U.S. Court Judgments Cited by Prosecution to Justify Eichmann Trial
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U.S. Court Judgments Cited by Prosecution to Justify Eichmann Trial

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Judgments by United States courts, including one issued by the U.S. Supreme Court, were cited today in court at the trial of Adolf Eichmann by Attorney General Gideon Hausner in his rebuttal of the contention of Eichmann’s lawyer that Israel has no right to try the Gestapo colonel for his role in annihilating 6,000,000 Jews during the Nazi regime.

Hammering away through the second day of the trial at the arguments advanced yesterday by Dr. Robert Servatius, chief defense counsel of the Nazi war criminal who questioned the legality of the trial on Israeli soil, Attorney General Hausner indicated that he planned a day and a half of rebuttal in his effort to settle that issue once and for all.

It was obvious today that the court would not rule before Monday on the crucial question of its competence to try Eichmann. This became evident when Zvi Tahor and Yehuda Shimoni, the El Al personnel alleged to have transported Eichmann from Buenos Aires, where he was seized last May, appeared in court as witnesses called by Dr. Servatius, for interrogation. The two men were told they would not be required until Monday.

Dr. Servatius, in his opening statement yesterday, challenged Israel’s right to try Eichmann before the defendant could enter a plea to the 15-count indictment read by Justice Moshe Landau. The West German attorney contended that Eichmann had been brought to Israel illegally, that Israel did not exist when the crimes were committed, that the law under which Eichmann had been indicted was ex post facto in that it was enacted after the period when the Nazi crimes were committed, and that the crimes were not committed on Israeli territory.

Resuming his battle of legal citations, the chief prosecutor asserted this morning that Israel’s law for the punishment of Nazis and Nazi collaborators was compatible with the law of nations in giving the fullest possible expression for the execution of Justice. Denying the defense argument that the law was retroactive, he cited many international legal authorities to support the contention that wanton killing of non-combatants as well as murder were not shielded by the ex post facto nature of a law against such killings.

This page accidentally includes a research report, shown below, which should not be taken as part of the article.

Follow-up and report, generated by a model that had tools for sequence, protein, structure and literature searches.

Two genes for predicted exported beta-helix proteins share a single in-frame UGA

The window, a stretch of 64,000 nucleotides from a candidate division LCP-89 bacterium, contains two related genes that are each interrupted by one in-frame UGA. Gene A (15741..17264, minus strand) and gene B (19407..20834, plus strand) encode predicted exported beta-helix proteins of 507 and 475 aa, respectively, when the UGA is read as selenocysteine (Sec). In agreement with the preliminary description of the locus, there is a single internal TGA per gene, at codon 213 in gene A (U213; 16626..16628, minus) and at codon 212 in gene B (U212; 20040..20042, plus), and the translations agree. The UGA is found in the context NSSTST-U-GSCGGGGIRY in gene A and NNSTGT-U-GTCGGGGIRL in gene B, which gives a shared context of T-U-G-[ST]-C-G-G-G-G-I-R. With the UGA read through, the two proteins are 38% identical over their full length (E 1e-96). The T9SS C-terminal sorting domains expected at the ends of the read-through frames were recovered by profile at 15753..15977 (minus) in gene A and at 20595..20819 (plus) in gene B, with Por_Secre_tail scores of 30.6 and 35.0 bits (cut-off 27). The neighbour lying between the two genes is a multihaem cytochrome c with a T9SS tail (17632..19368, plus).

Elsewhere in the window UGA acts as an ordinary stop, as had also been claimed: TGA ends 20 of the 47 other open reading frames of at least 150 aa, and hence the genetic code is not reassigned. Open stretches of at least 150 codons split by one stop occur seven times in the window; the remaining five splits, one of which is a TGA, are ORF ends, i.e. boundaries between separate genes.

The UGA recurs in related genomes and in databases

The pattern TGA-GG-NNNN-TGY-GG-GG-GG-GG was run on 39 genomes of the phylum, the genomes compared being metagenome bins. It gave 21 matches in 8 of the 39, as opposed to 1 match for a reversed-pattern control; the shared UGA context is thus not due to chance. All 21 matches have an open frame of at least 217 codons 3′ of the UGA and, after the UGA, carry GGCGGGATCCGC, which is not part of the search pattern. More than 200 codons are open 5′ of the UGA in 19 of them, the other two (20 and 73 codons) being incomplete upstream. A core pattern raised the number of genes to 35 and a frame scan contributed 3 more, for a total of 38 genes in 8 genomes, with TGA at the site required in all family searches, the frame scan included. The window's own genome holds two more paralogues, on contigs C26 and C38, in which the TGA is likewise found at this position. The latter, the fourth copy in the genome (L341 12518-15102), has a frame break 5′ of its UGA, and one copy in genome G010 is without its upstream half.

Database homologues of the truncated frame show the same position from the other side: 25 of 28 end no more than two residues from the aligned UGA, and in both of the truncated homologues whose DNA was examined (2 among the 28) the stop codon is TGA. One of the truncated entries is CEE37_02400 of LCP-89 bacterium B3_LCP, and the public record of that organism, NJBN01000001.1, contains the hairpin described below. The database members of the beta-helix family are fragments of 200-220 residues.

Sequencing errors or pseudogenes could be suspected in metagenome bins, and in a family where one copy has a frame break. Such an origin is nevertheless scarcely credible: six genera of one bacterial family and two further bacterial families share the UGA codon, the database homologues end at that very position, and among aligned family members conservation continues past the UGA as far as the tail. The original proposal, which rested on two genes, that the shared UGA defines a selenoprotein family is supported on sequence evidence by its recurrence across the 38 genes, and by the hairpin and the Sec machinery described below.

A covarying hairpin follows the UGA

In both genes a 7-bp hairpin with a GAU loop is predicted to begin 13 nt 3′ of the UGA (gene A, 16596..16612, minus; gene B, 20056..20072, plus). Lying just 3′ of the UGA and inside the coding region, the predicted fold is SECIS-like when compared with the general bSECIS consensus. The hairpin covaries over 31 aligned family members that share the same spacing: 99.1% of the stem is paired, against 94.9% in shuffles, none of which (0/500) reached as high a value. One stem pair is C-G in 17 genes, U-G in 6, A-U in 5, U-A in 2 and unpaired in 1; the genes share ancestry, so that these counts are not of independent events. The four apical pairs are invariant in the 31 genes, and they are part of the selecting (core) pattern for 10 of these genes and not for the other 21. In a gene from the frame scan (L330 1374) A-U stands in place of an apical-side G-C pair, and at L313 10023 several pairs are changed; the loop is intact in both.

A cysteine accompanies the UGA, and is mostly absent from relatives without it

He added that even if it ware admitted for the sake of argument that the law was retroactive, the fact remained that this was an Israel law and the court was therefore bound by it and could not and need not inquire into the defense contention to the contrary.


The Attorney General attacked the defense contention that the Israeli law was not in the same category as the London agreement of 1945 signed by the United States, France, the Soviet Union and Britain which was the basis for the Nuremberg trials of the major Nazi leaders. He rejected the defense argument that the London statute was exceptional, arguing that the 1945 agreement merely reestablished the principles accepted by all civilized nations against murder, tyranny and rapine–even if “under orders of the Fuehrer,” a noun for which he used German for the first time in his presentation, referring to Hitler.

The Attorney General quoted the Universal Human Rights Declaration to show that all-signatories–“humanity itself”–had pledged them selves to punish individuals on the principle of personal responsibility for national and international crimes.

He emphasized that Israel was not the only country to enact an anti-war crimes law, listing about ten such countries in which such laws are all retroactive. He argued that in any case, it was not the business of the court to enter into the merits of the law and he cited a British precedent that “a modern judge never listens to the argument that a law is invalid because it is immoral or goes beyond the limits of Parliamentary authority.” Mr. Hausner noted that since the law was enacted in 1954, many persons, including Jews, had been sentenced under it in Israel.

The Attorney General quoted extensively from judgments of federal district courts and the Supreme Court of the United States to make two points, that it was irrelevant from the substantive point of view how a defendant is brought before the jurisdiction of a court and whether he is brought by private persons or officials.

Rebutting the defense argument that Eichmann was brought to Israel illegally, the Attorney General cited cases from 1886 to 1958, including the famous seizure of American financier Samuel Insull aboard a Greek vessel in the Bosphorus, his detention in a Turkish jail and his subsequent transfer on an American ship to the United States for trial in a Chicago court.